Time for an update to a previous post. For the past few years, I have been using an automated process to track citations to my lab’s work on Google Scholar (details of how to set this up are at the end of this post).
Due to the nature of how Google Scholar tracks citations, it means that citations get added (hooray!) but might be removed (booo!). Using a daily scrape of the data it is possible to watch this happening. The plots below show the total citations to my papers and then a version where we only consider the net daily change.
The general pattern is for papers to accrue citations and some do so faster than others. You can also see that the number of citations occasionally drops down. Remember that we are looking at net change here. So a decrease of one citation is masked by the addition of one citation and vice versa. Even so, you can see net daily increases and even decreases.
It’s difficult to see what is happening down at the bottom of the graph so let’s separate them out. The two plots below show the net change in citations, either on the same scale (left) or scaled to the min/max for that paper (right).
The papers are shown here ranked from the ones that accrued the most citations down to the ones that gained no citations while they were tracked. Five “new” papers began to be tracked very recently. This is because I changed the way that the data are scraped (more on this below).
The version on the right reveals a few interesting things. Firstly that there seems to be “bump days” where all of the papers get a jolt in one direction or another. This could be something internal to Google or the addition or several items which all happen to cite a bunch of my papers. The latter explanation is unlikely, given the frequency of changes seen in the whole dataset. Secondly, some papers are highly volatile with daily toggling of citation numbers. I have no idea why this may be. Two plots below demonstrate these two points. The arrow shows a “bump day”. The plot on the right shows two review papers that have volatile citation numbers.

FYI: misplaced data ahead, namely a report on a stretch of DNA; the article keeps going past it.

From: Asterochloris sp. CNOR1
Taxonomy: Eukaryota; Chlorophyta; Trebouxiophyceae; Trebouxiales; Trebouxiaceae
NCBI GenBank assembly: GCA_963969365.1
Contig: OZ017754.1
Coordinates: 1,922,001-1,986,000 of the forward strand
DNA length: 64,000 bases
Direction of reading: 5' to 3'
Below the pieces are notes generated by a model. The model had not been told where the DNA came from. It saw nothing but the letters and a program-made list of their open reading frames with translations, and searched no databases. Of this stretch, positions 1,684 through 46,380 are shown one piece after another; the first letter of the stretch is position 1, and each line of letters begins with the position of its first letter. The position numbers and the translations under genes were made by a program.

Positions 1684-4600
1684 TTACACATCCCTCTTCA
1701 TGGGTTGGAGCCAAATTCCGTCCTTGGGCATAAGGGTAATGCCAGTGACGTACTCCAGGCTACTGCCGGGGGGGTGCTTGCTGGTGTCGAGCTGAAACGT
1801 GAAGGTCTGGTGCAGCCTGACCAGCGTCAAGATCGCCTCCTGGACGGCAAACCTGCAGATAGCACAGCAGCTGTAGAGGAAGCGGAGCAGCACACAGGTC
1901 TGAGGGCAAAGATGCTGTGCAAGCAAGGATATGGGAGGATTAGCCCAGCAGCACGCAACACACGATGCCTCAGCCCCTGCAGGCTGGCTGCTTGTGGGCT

I’m going to keep the automated tracking going. I am a big fan of Google Scholar, as I have written previously, but quoting some of the numbers makes me uneasy, knowing how unstable they are.
Note that you can use R to get aggregate Google Scholar data as I have written about previously.
How did I do it?
The analysis would not be possible without automation. I use a daemon to run a shell script everyday. This script calls a python routine which outputs the data to a file. I wrote something in Igor to load each day’s data, and crunch the numbers, and make the graphs. The details of this part are in the previous post.
I realised that I wasn’t getting all of my papers using the previous shell script. Well, this is a bit of a hack, but I changed the calls that I make to scholar.py so that I request data from several years.
#!/bin/bash cd /directory/for/data/ python scholar.py -c 500 --author "Sam Smith" --after=1999 --csv > g1999.csv sleep $[ ( $RANDOM % 15 ) + 295 ] # and so on python scholar.py -c 500 --author "Sam Smith" --after=2019 --csv > g2019.csv OF=all_$(date +%Y%m%d).csv cat g*.csv > $OF rm g*.csv
I found that I got different results for each year I made the query. My first change was to just request all years using a loop to generate the calls. This resulted in an IP ban for 24 hours! Through a bit of trial-and-error I found that reducing the queries to ten and waiting a polite amount of time between queries avoided the ban.
The hacky part was to figure out which year requests I needed to make to make sure I got most of my papers. There is probably a better way to do this!
I still don’t get every single paper and I retrieve data for a number of papers on which I am not an author – I have no idea why! I exclude the erroneous papers using the Igor program that reads all the data and plots out everything. The updated version of this code is here.
As described earlier I have many Rollercoaster songs in my library. This time it’s the song by Sleater-Kinney from their “The Woods” album.